Full-field scores from the Emirates Australian Open

Ogilvy used an example from American baseball to help get his point across to an Australian audience.

“Major League Baseball in America, they use wooden bats, and everywhere else in baseball they use aluminium bats,’’ he said. “And when the major leaguers use aluminium bats they don’t even have to touch it and it completely destroys their stadiums. It’s just comedy.

“That’s kind of what’s happened to us at least with the drivers of these big hitters; We’ve completely outgrown the stadiums. So do you rebuild every stadium in the world? That’s expensive. Or make the ball go shorter? It seems relatively simple from that perspective.’’

Ogilvy, an Australian who won the 2006 U.S. Open, said he believes there will be a rollback, but admitted it would be a "challenge" for manufacturers to produce a ball that flies shorter for pros but does not lose distance when struck by recreational players.

The golf world celebrates Thanksgiving

By Golf Channel DigitalNovember 23, 2017, 6:01 pm

Here's a look, through social media, at how the golf world celebrates Thanksgiving.

Lexi Thompson:

Baking time!!

A post shared by Lexi Thompson (@lexi) on

David Feherty:

Jack Nicklaus:

GC Tiger Tracker:

Steve Stricker:

Golf Channel:

Frank Nobilo:

Ian Poulter:

Tyrone Van Aswegen:

Happy Thanksgiving: Biggest turkeys of 2017

By Grill Room TeamNovember 23, 2017, 3:00 pm

Thanksgiving brings us golf's biggest turkeys of the year. Donald Trump, Grayson Murray and a certain (now-former) tournament director headline the list. Click here or on the image below to check out all the turkeys.

Tributes pour in for legendary caddie Sheridan

By Randall MellNovember 23, 2017, 2:54 pm

Tributes are pouring in as golf celebrates the life of Greg Sheridan after receiving news of his passing.

Sheridan, a long-time LPGA caddie who worked for some of the game’s all-time greats, including Kathy Whitworth and Beth Daniel, died Wednesday in Indian Rocks Beach, Fla., at 63. He was diagnosed in July 2016 with brain and lung cancer.

Sheridan worked the last dozen years or so with Natalie Gulbis, who expressed her grief in an Instagram post on Wednesday:

“Greg…I miss you so much already and it hasn’t even been a day. 15+ seasons traveling the world you carried me & my bag through the highs and lows of golf and life. You were so much more than my teammate on the course…Thank you.”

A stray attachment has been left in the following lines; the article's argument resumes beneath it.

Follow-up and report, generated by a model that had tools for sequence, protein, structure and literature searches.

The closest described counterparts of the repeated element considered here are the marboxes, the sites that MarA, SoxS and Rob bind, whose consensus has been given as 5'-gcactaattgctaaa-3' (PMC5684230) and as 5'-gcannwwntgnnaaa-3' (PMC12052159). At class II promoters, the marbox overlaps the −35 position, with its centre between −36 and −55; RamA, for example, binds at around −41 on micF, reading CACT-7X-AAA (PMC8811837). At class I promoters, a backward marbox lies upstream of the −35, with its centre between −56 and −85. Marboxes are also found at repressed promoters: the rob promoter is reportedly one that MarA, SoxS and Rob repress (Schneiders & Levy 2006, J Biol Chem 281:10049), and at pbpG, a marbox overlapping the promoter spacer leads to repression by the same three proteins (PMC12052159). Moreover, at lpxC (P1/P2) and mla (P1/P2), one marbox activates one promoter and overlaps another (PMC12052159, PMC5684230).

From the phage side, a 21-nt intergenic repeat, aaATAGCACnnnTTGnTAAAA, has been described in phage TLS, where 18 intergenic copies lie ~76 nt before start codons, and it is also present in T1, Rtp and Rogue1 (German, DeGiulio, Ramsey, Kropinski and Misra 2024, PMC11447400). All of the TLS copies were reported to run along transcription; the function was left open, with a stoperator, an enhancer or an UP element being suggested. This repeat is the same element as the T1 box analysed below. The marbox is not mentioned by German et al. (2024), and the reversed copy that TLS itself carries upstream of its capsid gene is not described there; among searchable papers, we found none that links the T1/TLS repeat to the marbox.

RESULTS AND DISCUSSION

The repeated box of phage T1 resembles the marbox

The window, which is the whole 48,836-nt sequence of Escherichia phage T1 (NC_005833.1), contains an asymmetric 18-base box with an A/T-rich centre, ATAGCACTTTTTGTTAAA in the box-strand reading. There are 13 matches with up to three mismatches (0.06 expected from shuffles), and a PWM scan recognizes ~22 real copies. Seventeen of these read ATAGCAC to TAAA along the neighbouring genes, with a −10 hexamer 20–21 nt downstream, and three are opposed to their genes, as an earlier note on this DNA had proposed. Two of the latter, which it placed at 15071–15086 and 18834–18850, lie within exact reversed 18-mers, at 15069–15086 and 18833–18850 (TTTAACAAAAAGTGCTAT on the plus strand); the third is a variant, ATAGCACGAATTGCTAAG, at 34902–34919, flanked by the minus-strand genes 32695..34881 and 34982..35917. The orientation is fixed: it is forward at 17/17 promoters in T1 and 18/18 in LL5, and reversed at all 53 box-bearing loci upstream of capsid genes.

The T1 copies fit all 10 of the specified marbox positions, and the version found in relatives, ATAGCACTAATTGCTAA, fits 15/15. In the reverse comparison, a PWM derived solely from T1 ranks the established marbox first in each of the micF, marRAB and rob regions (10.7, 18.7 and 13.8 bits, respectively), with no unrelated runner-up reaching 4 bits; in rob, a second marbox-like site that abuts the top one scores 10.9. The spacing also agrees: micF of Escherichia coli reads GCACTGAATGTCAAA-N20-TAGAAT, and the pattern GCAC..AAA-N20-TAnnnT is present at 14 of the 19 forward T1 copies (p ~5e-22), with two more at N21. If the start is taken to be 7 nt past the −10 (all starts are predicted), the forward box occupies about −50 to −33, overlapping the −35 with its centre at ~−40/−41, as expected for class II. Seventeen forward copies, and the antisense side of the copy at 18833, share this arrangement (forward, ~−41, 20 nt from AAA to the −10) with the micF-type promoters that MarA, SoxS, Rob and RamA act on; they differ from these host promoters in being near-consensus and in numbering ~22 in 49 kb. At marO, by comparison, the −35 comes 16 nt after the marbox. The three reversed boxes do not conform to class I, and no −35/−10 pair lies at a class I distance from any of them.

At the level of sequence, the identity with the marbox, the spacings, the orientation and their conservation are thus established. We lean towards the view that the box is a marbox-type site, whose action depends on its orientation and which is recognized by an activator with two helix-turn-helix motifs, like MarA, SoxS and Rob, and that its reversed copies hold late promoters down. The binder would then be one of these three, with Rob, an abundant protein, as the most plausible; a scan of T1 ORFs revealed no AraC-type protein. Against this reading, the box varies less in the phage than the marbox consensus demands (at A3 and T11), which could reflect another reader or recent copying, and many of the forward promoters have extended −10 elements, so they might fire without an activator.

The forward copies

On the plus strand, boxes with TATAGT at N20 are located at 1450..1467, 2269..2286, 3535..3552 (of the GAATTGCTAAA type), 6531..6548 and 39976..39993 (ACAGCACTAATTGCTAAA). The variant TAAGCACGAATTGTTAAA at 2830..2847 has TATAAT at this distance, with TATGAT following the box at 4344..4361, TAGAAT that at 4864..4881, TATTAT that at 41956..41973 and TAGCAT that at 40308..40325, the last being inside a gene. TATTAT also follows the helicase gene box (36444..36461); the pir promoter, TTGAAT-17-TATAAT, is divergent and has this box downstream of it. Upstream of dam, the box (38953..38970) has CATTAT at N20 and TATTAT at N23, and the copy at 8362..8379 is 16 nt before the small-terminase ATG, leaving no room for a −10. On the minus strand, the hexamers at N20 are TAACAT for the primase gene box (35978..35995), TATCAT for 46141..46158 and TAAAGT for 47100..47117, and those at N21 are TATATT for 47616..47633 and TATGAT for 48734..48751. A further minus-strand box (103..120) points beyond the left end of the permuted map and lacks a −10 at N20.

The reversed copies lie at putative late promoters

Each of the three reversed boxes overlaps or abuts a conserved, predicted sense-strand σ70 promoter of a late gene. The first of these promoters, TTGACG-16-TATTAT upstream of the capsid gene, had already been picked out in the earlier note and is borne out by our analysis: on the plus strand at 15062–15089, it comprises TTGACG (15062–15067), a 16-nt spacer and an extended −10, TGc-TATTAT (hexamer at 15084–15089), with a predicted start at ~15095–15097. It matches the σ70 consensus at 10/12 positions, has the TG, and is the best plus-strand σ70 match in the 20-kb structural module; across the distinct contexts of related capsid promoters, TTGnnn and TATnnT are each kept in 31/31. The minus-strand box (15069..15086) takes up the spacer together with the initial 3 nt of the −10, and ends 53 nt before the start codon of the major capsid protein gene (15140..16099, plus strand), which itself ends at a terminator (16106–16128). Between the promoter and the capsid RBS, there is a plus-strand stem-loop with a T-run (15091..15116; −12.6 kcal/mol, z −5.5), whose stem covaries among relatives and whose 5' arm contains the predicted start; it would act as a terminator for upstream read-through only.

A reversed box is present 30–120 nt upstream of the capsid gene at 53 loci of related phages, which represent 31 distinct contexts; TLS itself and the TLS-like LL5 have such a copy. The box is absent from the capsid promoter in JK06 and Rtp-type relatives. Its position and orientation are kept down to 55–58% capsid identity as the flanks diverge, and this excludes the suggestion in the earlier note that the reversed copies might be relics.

Sheridan was on Whitworth’s bag for the last of her LPGA-record 88 titles.

“When I first came on tour, I would try to find out how many times Greg won,” Gulbis told Golfweek. “It’s a crazy number, like 50.”

Matthew Galloway, a caddie and friend to Sheridan, summed up Sheridan’s impressive reach after caddying with him one year at the LPGA Founders Cup, where the game’s pioneers are honored.

“Best Greg story,” Galloway tweeted on Thanksgiving morning, “coming up 18 at PHX all the founders were in their chairs. Greg goes, `Yep, caddied for her, her and her.’ Legend.”

In a first-person column for Golf Magazine last year, Gulbis focused on Sheridan while writing about the special bond between players and caddies. She wrote that she won the “looper lottery” when she first hired Sheridan in ’04.

“Greg and I have traveled the world, and today he is like family,” Gulbis wrote. “Sometimes, he’s a psychologist. Last year, my mom got sick and it was a distraction, but he was great. When I used to have boyfriend issues and breakup issues, he was my confidant. In a world where caddies sometimes spill secrets, Greg has kept a respectful silence, and I can’t thank him enough for that. He’s an extension of me.”

Four months after Gulbis wrote the column, Sheridan was diagnosed with cancer.

“The LPGA family is saddened to hear of the loss of long-time tour caddie, Greg Sheridan,” the LPGA tweeted. “Our thoughts and prayers are with his family and players he walked with down the fairways. #RIP.”

Dean Herden was among the legion of caddies saddened by the news.

“Greg was a great guy who I respected a lot and taught me some great things over the years,” Herden texted to GolfChannel.com.

Here are some of heartfelt messages that are rolling across Twitter:

Retired LPGA great Annika Sorenstam:

LPGA commissioner Mike Whan in a retweet of Gulbis:

Golf Channel reporter and former tour player Jerry Foltz:

Christina Kim:

LPGA caddie Shaun Clews:

LPGA caddie Jonny Scott:

LPGA caddie Kevin Casas:

LPGA pro Jennie Lee: